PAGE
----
View Mobile Site


System collects, stores student information in state database

‘Invaluable service’ replaces need for schools to have their own organization methods

POSTED: July 12, 2013 11:33 p.m.

A statewide database allows Georgia student information to be easily stored and viewed by school officials.

The Statewide Longitudinal Data System has been in place for state schools since 2010, replacing individual schools needing to have their own organization and storage methods.

Local school systems say it’s an invaluable service.

“We use it both for monitoring and for the development of school improvement plans,” said Kevin Bales with Hall County Schools. He said that previously, individual school principals were responsible for organizing and tracking the data.

It’s not a mandatory program, but rather a resource offered by the state to school districts. Both Hall County and Gainesville school systems have used the data system for the past two years.

Bob Swiggum, chief information officer with the Georgia Department of Education, said that convenience is the main purpose of the system, which also offers an easier transfer of files for students moving between school systems inside the state.

While Georgia had been attempting to implement a student data system since the 1990s, a federal grant in 2010 made implementation possible, Swiggum said.

Data collection at a school level has been the norm for years, as the state department sends certain information to the federal government annually. But individual school districts were left with the task of collecting and maintaining more detailed information, as well as data per student.

Stored data includes much of the basic information, including the student’s ethnicity, race and gender. All courses taken and the resulting grades are included, along with all standardized test scores. Attendance information is included.

Swiggum said that security was not a concern, saying there’s virtually no way the system can be hacked.

Per individual district, there is a three-tier system of people who have access to information. First, there is a districtwide level where certain administrators have access to all student information. Then, at a school level, the principal and some other school-level administrators would have access to all students at that school. Teachers would have access to the students in their classroom.

All student information is stored within each individual school system. Access from the outside is not allowed.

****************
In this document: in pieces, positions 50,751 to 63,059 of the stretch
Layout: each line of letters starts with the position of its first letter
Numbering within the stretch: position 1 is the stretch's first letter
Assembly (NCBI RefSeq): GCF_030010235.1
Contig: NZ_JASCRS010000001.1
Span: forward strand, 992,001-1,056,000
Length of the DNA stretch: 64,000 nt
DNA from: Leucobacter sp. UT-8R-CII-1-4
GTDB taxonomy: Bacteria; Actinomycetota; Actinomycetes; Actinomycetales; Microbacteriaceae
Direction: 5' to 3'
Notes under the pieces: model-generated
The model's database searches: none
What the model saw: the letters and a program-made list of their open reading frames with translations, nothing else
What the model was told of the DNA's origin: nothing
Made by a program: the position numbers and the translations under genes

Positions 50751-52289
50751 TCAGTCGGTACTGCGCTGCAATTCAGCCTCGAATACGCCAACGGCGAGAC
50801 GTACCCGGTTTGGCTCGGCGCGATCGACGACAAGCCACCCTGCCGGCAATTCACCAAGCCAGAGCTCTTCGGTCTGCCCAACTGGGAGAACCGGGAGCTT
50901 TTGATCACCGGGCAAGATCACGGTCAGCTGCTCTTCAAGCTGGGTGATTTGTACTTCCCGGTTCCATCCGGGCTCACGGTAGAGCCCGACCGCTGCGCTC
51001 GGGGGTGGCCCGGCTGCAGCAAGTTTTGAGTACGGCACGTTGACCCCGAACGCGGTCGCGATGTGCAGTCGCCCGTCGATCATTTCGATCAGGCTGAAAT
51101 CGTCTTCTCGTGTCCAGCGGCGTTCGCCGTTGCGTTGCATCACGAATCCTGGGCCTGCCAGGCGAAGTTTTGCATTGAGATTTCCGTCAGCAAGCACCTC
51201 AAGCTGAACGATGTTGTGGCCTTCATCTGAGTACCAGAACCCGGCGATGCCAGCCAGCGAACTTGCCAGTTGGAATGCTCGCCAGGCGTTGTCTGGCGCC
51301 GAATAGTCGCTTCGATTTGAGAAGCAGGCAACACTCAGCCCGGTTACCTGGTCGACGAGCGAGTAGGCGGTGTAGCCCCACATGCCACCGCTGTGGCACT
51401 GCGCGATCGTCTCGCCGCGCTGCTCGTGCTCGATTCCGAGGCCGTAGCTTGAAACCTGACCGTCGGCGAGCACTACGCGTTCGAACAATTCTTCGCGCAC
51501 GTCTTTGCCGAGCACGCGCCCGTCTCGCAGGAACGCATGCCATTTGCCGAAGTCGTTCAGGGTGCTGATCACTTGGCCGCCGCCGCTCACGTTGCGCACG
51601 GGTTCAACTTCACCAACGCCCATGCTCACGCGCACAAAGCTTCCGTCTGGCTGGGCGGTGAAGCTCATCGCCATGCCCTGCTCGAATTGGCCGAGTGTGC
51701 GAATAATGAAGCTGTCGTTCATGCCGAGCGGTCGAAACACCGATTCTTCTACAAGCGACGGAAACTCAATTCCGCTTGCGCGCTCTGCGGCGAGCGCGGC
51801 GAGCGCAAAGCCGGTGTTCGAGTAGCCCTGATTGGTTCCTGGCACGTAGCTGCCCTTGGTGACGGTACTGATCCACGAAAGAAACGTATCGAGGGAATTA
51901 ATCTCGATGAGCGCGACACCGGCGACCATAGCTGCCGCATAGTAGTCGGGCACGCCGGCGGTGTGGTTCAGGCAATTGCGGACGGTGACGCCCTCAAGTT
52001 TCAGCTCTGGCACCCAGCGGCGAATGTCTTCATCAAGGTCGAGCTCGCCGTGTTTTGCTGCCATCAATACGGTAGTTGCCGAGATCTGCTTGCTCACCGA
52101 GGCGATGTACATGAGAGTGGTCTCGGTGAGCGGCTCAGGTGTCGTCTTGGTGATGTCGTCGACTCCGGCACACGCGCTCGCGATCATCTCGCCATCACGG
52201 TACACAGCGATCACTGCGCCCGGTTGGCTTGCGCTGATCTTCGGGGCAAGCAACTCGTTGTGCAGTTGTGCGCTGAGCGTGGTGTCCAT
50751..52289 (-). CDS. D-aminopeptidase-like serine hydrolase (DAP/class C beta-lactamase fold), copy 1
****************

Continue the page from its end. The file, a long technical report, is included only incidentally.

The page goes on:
Neither Bales nor Moore said that they have concerns over information being compromised.

“The system protects student data in alignment with federal regulations,” Moore said. “A user can only see the student data for the students that he or she is responsible for.”

Swiggum said that individual systems may have an option for students and their parents to opt out of having information kept in the database.

“We are extremely comfortable with the SLDS system because it’s embedded within our student information system,” Bales said. He said that he understands some people would have concerns about the data being stored, but he has found the database to be secure.

Hall does not have a formalized opt out plan, nor does Gainesville. Both Moore and Bales said the school systems respect parent wishes and would consider a situation like that if it came up, but they don’t foresee that happening.

“Similar privacy issues date back to the security of the very first teacher grade books,” Bales said. “The concerns involve the unauthorized use or abuse of any such systems.”

“We have confidence at this point,” Bales added. “Just like people haven’t stopped using the Internet for its usefulness, I don’t think we’re interested in slowing down the advancements in how well we support student learning. So the fact that we can get ... quick access to the right students and the right data sets has been extremely powerful and extremely positive.”


Commenting not available.
Commenting is not available.




Powered by
Morris Technology
Please wait ...